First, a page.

When he returned after several months, he found himself the father of a daughter, Louisa. The little family then returned to Biloxi where St. Denis was commandant. In 1722 he was appointed commandant of the post at Natchitoches, and there he and Manuela lived out their lives as guardians of the French vanguard.

Throughout her life Emanuelle (at Natchitoches she took up the French version of her name) provided a bit of gentility and piety to the raw frontier. In the early days there was no church and no priest at Natchitoches, so she invited Spanish friars from the nearby Spanish mission that her husband had helped to found to come to Natchitoches to celebrate Mass in the St. Denis home.

She was solicitous of the religious needs of the little settlement, and was often a godmother to children of the garrison, or children of Indian leaders or even children of the local slave population. She instructed her own children and others in the Catholic faith.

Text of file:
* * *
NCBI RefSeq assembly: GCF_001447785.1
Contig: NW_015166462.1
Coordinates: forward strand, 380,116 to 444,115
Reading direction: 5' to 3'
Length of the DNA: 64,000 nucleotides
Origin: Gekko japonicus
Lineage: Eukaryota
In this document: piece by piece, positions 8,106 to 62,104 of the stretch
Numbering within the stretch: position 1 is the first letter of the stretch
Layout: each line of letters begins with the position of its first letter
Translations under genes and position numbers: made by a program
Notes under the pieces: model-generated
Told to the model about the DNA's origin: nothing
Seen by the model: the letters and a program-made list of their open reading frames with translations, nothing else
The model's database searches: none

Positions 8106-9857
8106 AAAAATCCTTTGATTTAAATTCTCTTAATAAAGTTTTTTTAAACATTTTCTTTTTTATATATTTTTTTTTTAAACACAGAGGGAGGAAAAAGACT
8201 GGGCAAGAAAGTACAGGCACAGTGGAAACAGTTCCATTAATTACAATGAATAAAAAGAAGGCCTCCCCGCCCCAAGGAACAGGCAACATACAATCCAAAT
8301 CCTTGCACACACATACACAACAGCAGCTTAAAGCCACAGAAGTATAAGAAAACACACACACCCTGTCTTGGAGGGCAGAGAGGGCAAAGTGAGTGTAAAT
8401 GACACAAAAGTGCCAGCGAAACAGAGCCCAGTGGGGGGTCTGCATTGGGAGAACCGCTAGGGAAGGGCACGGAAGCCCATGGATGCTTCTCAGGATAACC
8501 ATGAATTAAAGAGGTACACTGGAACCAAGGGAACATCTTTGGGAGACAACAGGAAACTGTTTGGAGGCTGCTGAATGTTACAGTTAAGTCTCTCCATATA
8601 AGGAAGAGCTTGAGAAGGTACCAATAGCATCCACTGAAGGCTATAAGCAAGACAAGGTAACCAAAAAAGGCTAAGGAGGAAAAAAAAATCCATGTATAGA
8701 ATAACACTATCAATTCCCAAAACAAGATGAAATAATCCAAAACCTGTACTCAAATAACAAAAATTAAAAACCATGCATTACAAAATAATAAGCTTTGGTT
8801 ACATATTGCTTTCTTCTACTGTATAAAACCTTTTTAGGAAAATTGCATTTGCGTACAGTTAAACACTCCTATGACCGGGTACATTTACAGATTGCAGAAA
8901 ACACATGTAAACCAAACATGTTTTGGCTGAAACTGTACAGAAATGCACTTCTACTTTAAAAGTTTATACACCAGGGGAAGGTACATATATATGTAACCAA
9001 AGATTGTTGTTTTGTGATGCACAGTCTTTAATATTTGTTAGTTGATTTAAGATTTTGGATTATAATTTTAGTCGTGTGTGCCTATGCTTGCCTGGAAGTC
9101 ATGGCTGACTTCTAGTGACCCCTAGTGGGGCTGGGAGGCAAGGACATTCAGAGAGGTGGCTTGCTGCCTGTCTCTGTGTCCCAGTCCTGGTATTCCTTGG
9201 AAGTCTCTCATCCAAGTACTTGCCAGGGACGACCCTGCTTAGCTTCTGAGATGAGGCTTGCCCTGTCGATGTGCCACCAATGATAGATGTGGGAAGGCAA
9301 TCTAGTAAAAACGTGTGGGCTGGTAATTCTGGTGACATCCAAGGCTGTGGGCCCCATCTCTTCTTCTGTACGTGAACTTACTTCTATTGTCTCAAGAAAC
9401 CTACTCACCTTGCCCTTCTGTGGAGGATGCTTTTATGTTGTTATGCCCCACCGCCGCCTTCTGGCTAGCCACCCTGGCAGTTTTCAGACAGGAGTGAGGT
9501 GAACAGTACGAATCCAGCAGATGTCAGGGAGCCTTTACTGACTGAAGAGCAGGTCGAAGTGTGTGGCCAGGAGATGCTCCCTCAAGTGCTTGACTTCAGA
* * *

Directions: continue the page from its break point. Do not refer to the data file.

The years went by, made notable by the Natchez War and negotiations with the Indian tribes, and the development of a settlement around the little post.

Four daughters and a son were born to St. Denis and Emanuelle and two of them were destined to carry on the St. Denis tradition on the frontier.

The years began to exert their toll on St. Denis, and he passed away on June 11, 1744. The frontier would not see his like again.

St. Denis was succeeded as commandant by his son-in-law, Cesaire de Blanc de Neuville, who had married one of Emanuelle’s daughters, Marie des Douliers Simone St. Denis. Cesaire was commandant until his death in 1763. One of his direct descendants is Monsignor Irving A. DeBlanc of Lake Charles.

A second daughter of St. Denis and Emanuelle, Marie Petronille Feliciones Juchereau de St. Denis, married Athanaze de Mezieries, who followed Cesaire as the commandant. Thus Emanuelle’s influence continued to permeate the frontier for years after her death.

In March of 1758 Lady Emanuelle passed away in her 61st year. She had led a full life in Mexico, Texas and Louisiana and left her mark on the history of Louisiana. Five of her children lived to adulthood and all were important citizens of the French colony.